The opening scene of the first episode of HBO's new series Silicon Valley happens at a Kid Rock concert.
In the scene, a startup founder takes the microphone away from the rock star to talk about making the world a better place through coding. Meanwhile, the protagonists, aspiring startup founders living in a group house owned by a startup incubator, watch and imagine themselves on the stage. Thirty years ago, they'd be dreaming of making music. Now, they want to be entrepreneurs.
That's a shift that people have been noticing a lot, lately. In a 2013 interview with Forbes, award-winning film maker Ondi Timoner came out and said it: "Entrepreneurs are the rock stars of today." It's true: Our society's reverence for ultra-successful, celebrity musicians is unparalleled, but when it comes to the people just starting out on their careers, we celebrate entrepreneurs who move into their parents' basement or garage, but mock musicians who do the same.
We don't allow that, in reality, entrepreneurs and rock stars have a lot in common.
Startup founders and musicians often enter their ventures with similar motivations and mindsets. Entrepreneur and music industry guru Julian Everly Shervington Wright has seen both sides of the story. He recently helped pair Jay-Z with General Cigar to launch Cohiba Comador Cigars and has his own start-up, PawnJordan.
But Wright told PolicyMic via email that he doesn't see much of a difference between people in music and business: Both are "extremely resilient, creative, constantly evolving and totally consumed by their vision. They possess extraordinary work ethics, truly love what they do and embrace it as a lifestyle."
The similarities are actually pretty literal. To succeed as an entrepreneur and as a musician, you have to juggle several sources of income. Increasingly, musicians are actually entrepreneurs outside of their music. According to Carlos Martinez-Arraras, lead guitarist of Texas "funkgrass" band Turbine Toolshed, "To be a successful musician these days is to be a successful entrepreneur." Martinez-Arraras has a full-time job separate from his music, tours with his band and looks for opportunities to create a business based on needs that he finds in the music world.
"The Internet has paved the way towards the musical entrepreneur," he told PolicyMic. "It's simply not enough for a band to play a bunch of shows and sell a ton of CDs. I mean, that kind of thing helps, but 99% of the time, you actually have to start side businesses to help bring in the income."
It's not only a parallel lifestyle, though — music and entrepreneurship have exactly parallel skill sets. Creating compelling music in the studio and on stage is product development; developing the band's image and communicating it to existing and potential fans is marketing; networking and finding new opportunities is business development. Improvising is pitching.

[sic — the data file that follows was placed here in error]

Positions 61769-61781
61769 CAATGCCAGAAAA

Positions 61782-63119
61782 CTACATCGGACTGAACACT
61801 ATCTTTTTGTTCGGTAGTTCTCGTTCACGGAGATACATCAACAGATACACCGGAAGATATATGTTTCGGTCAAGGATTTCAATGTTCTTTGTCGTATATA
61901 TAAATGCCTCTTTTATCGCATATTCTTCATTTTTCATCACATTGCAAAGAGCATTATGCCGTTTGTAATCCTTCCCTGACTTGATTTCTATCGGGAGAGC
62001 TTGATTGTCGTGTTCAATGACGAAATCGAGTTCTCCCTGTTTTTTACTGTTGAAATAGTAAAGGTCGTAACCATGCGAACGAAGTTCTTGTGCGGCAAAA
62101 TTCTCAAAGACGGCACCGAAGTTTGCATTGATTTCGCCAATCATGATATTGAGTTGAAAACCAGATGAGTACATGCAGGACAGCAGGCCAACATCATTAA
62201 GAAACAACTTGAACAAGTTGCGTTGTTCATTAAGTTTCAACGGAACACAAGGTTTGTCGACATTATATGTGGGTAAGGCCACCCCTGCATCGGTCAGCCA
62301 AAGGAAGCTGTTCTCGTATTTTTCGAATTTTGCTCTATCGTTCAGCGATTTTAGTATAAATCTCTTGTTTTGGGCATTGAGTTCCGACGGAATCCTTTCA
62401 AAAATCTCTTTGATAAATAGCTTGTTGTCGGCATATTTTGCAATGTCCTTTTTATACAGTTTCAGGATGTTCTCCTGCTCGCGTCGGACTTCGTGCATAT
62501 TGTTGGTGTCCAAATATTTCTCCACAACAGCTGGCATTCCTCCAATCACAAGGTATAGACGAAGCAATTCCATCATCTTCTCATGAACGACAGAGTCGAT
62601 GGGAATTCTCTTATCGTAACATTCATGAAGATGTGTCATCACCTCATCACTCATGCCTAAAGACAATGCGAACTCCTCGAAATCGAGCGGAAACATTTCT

Like entrepreneurs, musicians who can master these skills and consistently deliver a good product can make a career and find up-front investors (record execs). Erin Norris, a full-time musician and the lead singer and guitar player for her blues rock band in Austin, Texas, even describes getting signed as similar to being acquired.
"Record labels are now more like distributors, as opposed to scouts," she told PolicyMic over the phone. "'You go ahead and build your little empire, and then we'll sign you.'" Recorded albums, a history of successful live shows, a fan base — a band needs to build all of these components (and more) before a label will even consider them, the same way a startup must show growth in users or sales before investors will consider them. "Work really hard for a couple years, like four hours of sleep kind of hard," Norris said. "Just try, promote yourself, play shows. Then hopefully someone will notice that hard work."
Erin Norris with her former band, Little Emily Warfield
People don't realize that it takes that kind of work, though, because few realize that musicians are now wholly in charge of this business portion of their career too.
"Until fairly recently, the business side of music was exclusively handled by record labels, producers, managers and music publishers. The artist was the 'product,'" says Eric Jensen, a guitarist, composer and business consultant who built and managed a successful audio post-production and commercial music business, and whose music has been featured on The Sopranos, NBC Sports and 20/20.
"The entrepreneurial musician is a relatively new phenomenon, and general perceptions of what it means to be a professional musician may be stuck in the old-school model," he said.
In ignoring that, we've begun treating professional musicians as if they're ignoring careers altogether. Martinez-Arraras still gets the "Don't you think it's time you put down the guitar and focus on your career?" talk on a semi-regular basis, but he said that as the band becomes more successful, he gets more support.
Musicians still need the kind of cultural support we give our entrepreneurs, if we want good music to be a part of our culture. Silicon Valley's entrepreneurs are glorified in magazines and now even an HBO show. Let's remember, though, that much of the value these startups have created for us involve convenience or entertainment. And let's remember how much music adds to our lives, how difficult it is to "make it" and how much like being an entrepreneur that is. Let's give the support that aspiring musicians deserve.